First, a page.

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Analysis

Warnings of no-deal chaos keep flooding in

by Luke Lythgoe | 07.08.2018

What would a no-deal Brexit mean for people and businesses across the UK? The government has promised to tell us sometime around August 20, with a series of “technical notices”.

By that point they might not need to. The traditional “silly season” for the media has been replaced by an increasingly urgent drumbeat of announcements about the chaos that failure to agree any Brexit deal is set to unleash. Below is a timeline of who’s said what about how no-deal will affect them.

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Government’s secret ‘Doomsday’ analysis (June 3)

Government secret analysis leaks to the Sunday Times. It predicts supermarkets in Cornwall and Scotland running out of food within a couple of days, hospitals running out of medicines within two weeks and the Port of Dover collapsing on day one. And that was only the second-worst scenario.

Airbus is ready to leave (June 22)

Aerospace giant warns it could leave the UK if there’s no Brexit transition deal. Airbus employs 14,000 people at 25 sites in the UK – around half in Wales.

NHS stockpiling drugs (July 24)

The NHS is accelerating plans to stockpile medicines and blood products, new health secretary Matt Hancock admits.

‘Reassurance and comfort’ (July 25)

Theresa May says people should take “reassurance and comfort” from the no-deal preparations her government is making – while refusing to tell Channel 5 News whether that includes stockpiling medicines and blood products.

Send in the Army (July 29)

Plans to send in the Army to deliver food, medicines and fuel in the event of no-deal shortages are being drawn up by ministers, the Sunday Times reported.

M20 turned into lorry park (July 31)

M20 could become a giant lorry park for many years if there’s no deal, an impact assessment by Dover district council reported. A 13-mile stretch of the coastbound section of the M20 has been earmarked to hold 2,000 lorries as a “temporary solution”.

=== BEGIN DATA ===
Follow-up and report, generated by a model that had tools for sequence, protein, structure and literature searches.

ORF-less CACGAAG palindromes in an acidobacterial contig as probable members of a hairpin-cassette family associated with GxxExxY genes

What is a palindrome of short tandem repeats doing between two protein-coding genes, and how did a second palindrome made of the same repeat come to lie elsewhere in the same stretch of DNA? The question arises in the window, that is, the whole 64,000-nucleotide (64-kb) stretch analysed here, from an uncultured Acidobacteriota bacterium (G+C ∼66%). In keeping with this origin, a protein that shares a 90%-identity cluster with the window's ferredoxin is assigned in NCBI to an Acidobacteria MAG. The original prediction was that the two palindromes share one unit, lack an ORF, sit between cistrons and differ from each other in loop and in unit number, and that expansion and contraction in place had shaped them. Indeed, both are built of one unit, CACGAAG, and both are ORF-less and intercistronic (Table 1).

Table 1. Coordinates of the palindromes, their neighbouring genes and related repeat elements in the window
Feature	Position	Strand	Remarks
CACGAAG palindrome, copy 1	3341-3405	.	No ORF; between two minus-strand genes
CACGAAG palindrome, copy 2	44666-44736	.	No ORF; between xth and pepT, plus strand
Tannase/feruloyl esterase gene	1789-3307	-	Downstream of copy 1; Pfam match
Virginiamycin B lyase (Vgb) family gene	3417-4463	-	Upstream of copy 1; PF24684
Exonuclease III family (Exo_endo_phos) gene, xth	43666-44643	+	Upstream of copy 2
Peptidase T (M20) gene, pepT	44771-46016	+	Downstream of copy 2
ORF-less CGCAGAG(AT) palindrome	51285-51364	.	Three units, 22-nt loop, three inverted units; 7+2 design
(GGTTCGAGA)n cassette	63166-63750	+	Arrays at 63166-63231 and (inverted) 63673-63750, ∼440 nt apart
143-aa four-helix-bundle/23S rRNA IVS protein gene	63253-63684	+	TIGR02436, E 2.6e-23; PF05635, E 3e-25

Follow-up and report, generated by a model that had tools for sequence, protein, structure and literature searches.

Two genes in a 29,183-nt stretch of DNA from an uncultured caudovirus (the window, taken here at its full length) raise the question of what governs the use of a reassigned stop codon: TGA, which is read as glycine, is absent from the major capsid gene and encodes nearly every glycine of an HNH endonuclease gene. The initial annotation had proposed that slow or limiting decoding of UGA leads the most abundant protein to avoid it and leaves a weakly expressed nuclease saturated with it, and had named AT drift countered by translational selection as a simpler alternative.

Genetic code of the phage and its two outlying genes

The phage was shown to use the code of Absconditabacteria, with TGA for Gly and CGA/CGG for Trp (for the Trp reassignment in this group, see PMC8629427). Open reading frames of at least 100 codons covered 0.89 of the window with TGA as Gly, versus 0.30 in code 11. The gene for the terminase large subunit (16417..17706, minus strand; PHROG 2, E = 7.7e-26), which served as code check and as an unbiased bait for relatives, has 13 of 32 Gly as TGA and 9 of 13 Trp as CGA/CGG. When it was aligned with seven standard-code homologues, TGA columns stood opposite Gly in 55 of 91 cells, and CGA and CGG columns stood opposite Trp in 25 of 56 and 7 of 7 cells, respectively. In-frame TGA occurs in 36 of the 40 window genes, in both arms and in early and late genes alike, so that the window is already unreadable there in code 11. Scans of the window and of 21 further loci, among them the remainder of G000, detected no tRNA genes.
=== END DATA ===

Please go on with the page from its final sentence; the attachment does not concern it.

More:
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Pharma firms stockpiling drugs (August 1)

Drug-makers Sanofi and Novartis say they are drawing up plans to stockpile life-saving medicines, and securing additional warehouse space.

Local councils’ fear the worst (August 3)

No-deal fears of local councils are being compounded by a “lack of detail” from government, a Sky News investigation reveals. Local-level preparations include: Bristol wary of “social unrest”; Pembrokeshire’s only “positive” Brexit impact is that people might move away, reducing pressure on services; Shetland fears for local farms; East Sussex concerned about the provision of social care.

Bombardier faces £30m extra cost (August 6)

If there is no deal, the Northern Ireland based aerospace firm would have to implement a plan to stockpile parts, costing it £25-30 million, or “cash that I don’t have”, as Bombardier’s UK chief put it. The business employs 4,000 people in Belfast.

British sandwiches under threat (August 6)

No-deal trade disruption threatens the UK sandwich industry, warns the British Sandwich Association. We purchase 4 billion a year from supermarkets. But it’s a sector based on fresh, imported ingredients with a short shelf life.

Food shortages within the year (August 7)

The National Farmers Union has warned that if the UK was cut off from food suppliers in the EU, forcing us to be self-sufficient, then the country would start running out of food next August.

Poles in the UK demand protection (August 7)

The Federation of Poles in Great Britain feels “compelled to appeal” to Theresa May to ringfence their legal rights in the event of no-deal, reporting “developing uneasiness” among the Polish diaspora, especially parents.

Edited by Quentin Peel

3 Responses to “Warnings of no-deal chaos keep flooding in”

  • Funny how up to now social unrest around Brexit was usually thought to come from the brexiteer side. Obviously, in case of a crash-out Brexit there will be plenty very angry remain voters who will refuse to just go home and have a good cry as well. Be Prepared, I would say.

  • We should not fall into the trap of saying the sky will fall in on day one of no deal. That enables Leavers to call it Project Fear mk II or compare it to the millennium bug scare. There may well be temporary botched up arrangements put in place to deal with the immediate shock. The real damage will start to emerge in the following few weeks as temporary solutions start to unravel. Just as the economic damage from the referendum took time to be seen. We don’t want to loose the argument twice

  • No mention of the 250,000 or so peripatetic and cross-border commuting Brits, relying heavily on FoM, who stand to lose their livelihoods on Mar31st 2019.

    But the British press cares not one whit about the Brits in the EU. There’s just a deafening silence.